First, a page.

5. Is OCR Included, and Automatic?
OCR, or Optical Character Recognition, is the technology that converts a scanned image, such as a contract you’ve scanned, into readable, searchable text.
By default, a scanned document is essentially an image. You’ve probably seen this before: you use a scanner to scan a hardcopy document, and the resulting electronic file is an image, almost like a photograph of the documents. (In fact, that’s exactly what it is.)
This means that the text in the document you’ve scanned isn’t actually text at all–rather your scanned document is a photograph of text. This means you, as the user cannot select, copy or paste any text from the document.
And more importantly: you can’t search for text in a photograph. That’s right–these raw, scanned documents will never show up in a search. If that scanned document has a key piece of language or text that you’ll need later–you’ll never find it in a search in its raw, un-OCR’d format.
OCR (which stands for Optical Character Recognition) is the process of converting the image of a scanned document into actual text–that can be selected, copied, pasted and–most importantly: indexed and searched. OCR software processes these raw, “photographs of documents” files, interprets what it discerns as characters (letters and numbers) and converts them to actual, searchable text.
It’s fair to say that having an OCR solution is integral to having a paperless law firm, and integral to any law firm document management system. The problem is: many document management applications don’t include OCR capabilities. Some omit this entirely, others offer integration with third-party OCR software, something you’ll have to buy, set up and maintain on its own.
I recommend ensuring that the law firm document management software you consider has automatic, integrated OCR.
6. Is the Software Easy to Use and Navigate?
Over the years, I’ve seen hundreds of law firms implement (or try to implement) new software of one kind or another. Some are wildly successful, others fail. What separates the successes from the failures?
Meaning: Do the end users (everyone in the law firm) embrace, learn and use the software… or do they resist using the new software?
Adoption is vital to a successful software implementation, and critical to achieving the goals you set out to accomplish by getting the software in the first place. And when it comes to adoption, how easy the software is to use, navigate and make use of is a make-or-break factor.
The trend of modern software tends to be an easy-to-use, minimalist design that doesn’t overwhelm the end-user, which makes learning the software approachable and doable.
Unfortunately, many older applications, including and especially older law firm document management applications, are just the opposite. Their interfaces are overwhelming. Navigation is not intuitive. The look and feel is dated, confusing and convoluted.
This can absolutely kill user adoption, kill your investment into law firm document management software, and upset morale. Make sure the software you evaluate has a user interface and user experience that is simple, clean, intuitive and easy to use.
7. Does the Software Force Your Firm to Conform to It?
Some law firm document management software forces you to do things a certain way.
For example: take document profiling. Profiling is the process by which you categorize and add metadata to a document when storing it in your DMS. For instance, when you create a new brief, you might want to code it as a brief along with other information: tags, document deadline, and so forth. This kind of categorization can be very useful to a law firm.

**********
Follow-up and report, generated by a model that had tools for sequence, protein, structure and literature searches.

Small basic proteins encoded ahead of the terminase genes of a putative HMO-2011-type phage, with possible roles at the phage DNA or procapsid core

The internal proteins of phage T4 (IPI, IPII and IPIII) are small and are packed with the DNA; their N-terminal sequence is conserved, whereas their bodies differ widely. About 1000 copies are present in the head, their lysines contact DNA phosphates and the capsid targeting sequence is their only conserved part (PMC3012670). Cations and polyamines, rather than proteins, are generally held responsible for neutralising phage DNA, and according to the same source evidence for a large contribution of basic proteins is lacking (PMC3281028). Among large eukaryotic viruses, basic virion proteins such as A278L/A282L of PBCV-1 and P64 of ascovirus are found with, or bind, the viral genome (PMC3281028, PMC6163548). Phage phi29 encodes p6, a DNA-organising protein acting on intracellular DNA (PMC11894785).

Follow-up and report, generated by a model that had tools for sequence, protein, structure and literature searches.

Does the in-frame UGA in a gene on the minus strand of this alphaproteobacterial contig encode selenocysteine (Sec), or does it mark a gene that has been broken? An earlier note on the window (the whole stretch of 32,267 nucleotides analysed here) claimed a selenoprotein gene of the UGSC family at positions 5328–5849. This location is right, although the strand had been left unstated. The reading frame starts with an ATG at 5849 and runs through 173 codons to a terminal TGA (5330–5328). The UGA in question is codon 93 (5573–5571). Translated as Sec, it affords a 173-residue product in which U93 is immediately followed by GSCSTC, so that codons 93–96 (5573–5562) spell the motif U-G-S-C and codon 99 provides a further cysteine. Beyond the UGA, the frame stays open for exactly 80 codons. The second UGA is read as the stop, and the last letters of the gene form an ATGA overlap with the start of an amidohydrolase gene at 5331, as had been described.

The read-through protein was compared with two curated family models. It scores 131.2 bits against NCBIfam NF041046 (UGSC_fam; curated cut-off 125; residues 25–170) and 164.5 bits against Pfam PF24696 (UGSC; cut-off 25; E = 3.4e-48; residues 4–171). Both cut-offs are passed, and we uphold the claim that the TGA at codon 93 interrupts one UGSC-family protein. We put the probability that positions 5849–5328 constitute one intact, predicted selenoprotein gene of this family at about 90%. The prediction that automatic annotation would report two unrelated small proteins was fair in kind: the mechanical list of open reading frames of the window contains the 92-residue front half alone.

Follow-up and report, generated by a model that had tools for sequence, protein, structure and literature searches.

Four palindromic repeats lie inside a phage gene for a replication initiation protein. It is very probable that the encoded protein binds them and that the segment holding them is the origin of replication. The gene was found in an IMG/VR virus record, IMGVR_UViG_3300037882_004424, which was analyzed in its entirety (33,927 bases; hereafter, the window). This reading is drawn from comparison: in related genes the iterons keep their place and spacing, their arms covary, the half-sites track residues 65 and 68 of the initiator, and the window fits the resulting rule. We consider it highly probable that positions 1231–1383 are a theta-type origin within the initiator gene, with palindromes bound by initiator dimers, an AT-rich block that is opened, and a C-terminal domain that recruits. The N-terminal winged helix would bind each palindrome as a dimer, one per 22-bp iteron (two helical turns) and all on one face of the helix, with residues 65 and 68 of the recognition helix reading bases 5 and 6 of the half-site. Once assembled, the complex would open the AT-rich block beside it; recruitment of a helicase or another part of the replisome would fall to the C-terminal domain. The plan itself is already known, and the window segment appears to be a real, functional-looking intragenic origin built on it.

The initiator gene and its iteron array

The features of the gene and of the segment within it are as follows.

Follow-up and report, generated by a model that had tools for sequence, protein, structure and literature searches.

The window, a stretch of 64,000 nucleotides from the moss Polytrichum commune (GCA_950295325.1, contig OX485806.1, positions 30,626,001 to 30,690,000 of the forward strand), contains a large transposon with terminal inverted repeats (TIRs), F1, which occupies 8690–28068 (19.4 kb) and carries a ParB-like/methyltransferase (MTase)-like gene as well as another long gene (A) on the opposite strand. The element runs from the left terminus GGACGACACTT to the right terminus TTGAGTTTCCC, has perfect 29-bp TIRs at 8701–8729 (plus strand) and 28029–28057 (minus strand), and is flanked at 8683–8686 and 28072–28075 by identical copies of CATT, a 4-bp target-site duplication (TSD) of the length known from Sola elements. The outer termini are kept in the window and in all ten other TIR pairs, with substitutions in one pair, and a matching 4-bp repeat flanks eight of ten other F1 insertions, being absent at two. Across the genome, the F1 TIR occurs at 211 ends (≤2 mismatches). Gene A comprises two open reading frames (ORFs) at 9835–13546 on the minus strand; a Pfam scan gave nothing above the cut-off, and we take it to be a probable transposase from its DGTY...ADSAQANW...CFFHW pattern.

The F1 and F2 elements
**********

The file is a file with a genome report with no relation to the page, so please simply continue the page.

However, what if your software forced you to do this every time? Every random word doc, PDF and documents that may or may not be particularly consequential. Some document management applications force you to go through a comprehensive profiling process for every document, every time.
Good software makes your life easier, and your job faster. It doesn’t get in your way. Some law firm document management software, unfortunately, does exactly the opposite and force your firm to adapt to the way it works, rather than the software adapting to your law firm.
This will not only increase the time it takes to do your job, but will, as I explained above, hamper morale and undermine adoption. I recommend that when evaluating law firm document management software, you look carefully at what the software forces on your firm.
8. Is Data Migration Included?
Our last item is an important one: Is migration and ingestion of your existing documents included in the software/service?
Making software and providing professional services are two very different businesses. As a result, many publishers of law firm document management software don’t provide migration services as part of their offering.
If your law firm will be implementing document management software, chances are you have a significant amount of existing data and documents to organize and move into your new DMS. Perhaps you’re coming from a local, on-premise file server (and using the S: drive). Or maybe you’re graduating from basic cloud storage such as OneDrive or Dropbox. Either way–organizing, cataloging and moving your data into your new document management platform is no small task.
The problem is often that software publishers don’t take this on themselves. Instead, they farm this responsibility out to outside consultants, resellers and technology companies. The challenge this often creates, in the many law firms I’ve spoken with, is serious quality control issues.
The reseller who you retain to perform your migration may or may not be suited to the task. And the DMS software company may very well shrug and tell you to find a new consultant/reseller if things go poorly. (This is a scenario I’ve seen many times.)
Nobody knows the law firm document management system better than the company who created it. For that reason, I always advise law firms to select a law firm document management product where the company’s own staff manages and owns the data migration, start to finish.
Closing the Loop
These are eight important things to ask when shopping for a law firm document management system. But these questions are really only the beginning when it comes to finding the right solution to your law firm.
To learn more, I recommend reading our other resources. Check out our whitepaper on Document Management & Matter-Centricity. Download our Legal Document Management Comparison Chart.
Or contact us to find the right document management platform for your firm. Either way–good luck.